When I was growing up, baseball was all about fathers and sons.
I am grateful that my Dad transmitted his love of the game to my older brother and me, and am reminded of it each spring, when the promise of a new season still fills me with childlike excitement.
Take this season, so far. I am well aware that my Baltimore Orioles have not had a winning record since 1997. And competing in the toughest of American League divisions, alongside the free-spending Yankees and Red Sox, they figure to land in the cellar again this year, as usual. Like most beloved teams, the Orioles torture their fans. The depressing pattern of the last few years is for the O’s to play well in April, and then, as soon as you get your hopes up, they start to fade — more accurately, nosedive. Year after year it feels as if they’re mathematically eliminated by Memorial Day.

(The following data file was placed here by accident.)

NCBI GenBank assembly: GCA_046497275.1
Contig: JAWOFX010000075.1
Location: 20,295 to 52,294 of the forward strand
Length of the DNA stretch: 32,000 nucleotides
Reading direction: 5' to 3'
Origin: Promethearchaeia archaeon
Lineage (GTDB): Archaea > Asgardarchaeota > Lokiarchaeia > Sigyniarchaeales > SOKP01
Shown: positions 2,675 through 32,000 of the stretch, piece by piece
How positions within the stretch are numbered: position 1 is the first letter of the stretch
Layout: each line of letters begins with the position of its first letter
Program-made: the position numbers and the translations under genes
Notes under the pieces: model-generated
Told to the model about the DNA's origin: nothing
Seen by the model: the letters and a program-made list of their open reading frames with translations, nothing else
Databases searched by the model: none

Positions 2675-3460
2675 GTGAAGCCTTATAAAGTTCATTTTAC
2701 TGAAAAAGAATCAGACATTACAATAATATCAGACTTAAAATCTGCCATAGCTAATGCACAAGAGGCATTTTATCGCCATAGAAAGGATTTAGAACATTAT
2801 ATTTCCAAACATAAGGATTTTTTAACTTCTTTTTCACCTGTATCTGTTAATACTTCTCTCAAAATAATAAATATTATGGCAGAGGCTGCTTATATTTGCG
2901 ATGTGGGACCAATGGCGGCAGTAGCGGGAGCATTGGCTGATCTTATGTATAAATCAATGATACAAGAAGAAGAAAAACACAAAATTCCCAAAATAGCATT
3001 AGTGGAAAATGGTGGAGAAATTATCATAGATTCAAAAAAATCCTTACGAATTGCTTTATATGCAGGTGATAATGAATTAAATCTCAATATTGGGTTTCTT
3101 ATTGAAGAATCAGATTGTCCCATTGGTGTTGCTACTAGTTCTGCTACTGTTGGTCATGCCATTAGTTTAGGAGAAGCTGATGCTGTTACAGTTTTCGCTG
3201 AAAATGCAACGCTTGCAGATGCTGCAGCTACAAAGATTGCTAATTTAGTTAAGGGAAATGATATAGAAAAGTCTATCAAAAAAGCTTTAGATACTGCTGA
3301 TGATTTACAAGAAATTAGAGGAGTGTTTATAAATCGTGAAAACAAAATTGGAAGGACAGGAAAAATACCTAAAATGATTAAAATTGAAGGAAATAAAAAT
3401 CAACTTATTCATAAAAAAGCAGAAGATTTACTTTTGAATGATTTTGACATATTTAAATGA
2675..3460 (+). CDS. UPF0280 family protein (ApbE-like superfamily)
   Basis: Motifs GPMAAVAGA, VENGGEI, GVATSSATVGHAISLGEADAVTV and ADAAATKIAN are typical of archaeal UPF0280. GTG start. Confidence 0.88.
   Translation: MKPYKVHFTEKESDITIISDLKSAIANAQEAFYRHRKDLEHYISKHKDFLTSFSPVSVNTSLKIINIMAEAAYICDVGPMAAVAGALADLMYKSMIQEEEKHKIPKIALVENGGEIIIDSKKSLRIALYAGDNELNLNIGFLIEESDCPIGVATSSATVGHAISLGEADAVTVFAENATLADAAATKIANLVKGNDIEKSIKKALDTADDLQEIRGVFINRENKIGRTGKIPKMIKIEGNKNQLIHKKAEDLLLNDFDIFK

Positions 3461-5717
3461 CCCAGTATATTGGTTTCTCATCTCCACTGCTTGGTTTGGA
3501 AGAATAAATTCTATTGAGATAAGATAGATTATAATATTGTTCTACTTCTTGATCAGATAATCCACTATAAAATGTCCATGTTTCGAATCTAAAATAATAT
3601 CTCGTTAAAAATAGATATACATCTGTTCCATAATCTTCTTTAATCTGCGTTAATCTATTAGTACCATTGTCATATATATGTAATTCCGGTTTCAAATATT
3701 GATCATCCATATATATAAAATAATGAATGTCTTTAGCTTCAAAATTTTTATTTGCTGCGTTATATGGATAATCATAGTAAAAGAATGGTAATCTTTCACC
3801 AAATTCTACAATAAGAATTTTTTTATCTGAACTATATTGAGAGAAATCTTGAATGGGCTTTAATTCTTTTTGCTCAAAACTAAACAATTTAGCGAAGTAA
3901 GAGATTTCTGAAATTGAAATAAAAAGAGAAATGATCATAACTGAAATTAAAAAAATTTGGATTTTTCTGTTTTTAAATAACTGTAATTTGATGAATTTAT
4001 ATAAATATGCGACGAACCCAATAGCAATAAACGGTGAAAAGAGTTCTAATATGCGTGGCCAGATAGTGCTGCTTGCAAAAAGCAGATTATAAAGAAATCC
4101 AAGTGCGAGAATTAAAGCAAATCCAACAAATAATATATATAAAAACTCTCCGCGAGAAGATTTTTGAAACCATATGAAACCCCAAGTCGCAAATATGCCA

Now I am a patient guy and I’ve learned not to get my hopes up. I explain to friends that the Orioles are just having a bad century.
But it’s mid-May already and as I write this, the Orioles, the surprise of the league, are in first place. That’s heady stuff for a long-suffering Baltimore fan. (Of course I probably jinxed the team just by writing this paragraph, and by the time you read this, the O’s may well be on their way to another happy-go-nowhere season.)
Baseball, with its six-month-long seasons of peaks and valleys — and no game-clock — offers real life-lessons, like faith, fortitude, sacrifice and devotion. Looking back, I realize that even as I grew closer to my father through baseball, the love of the game also helped me achieve a sense of independence from him. In fact I can track the transition to one memorable season.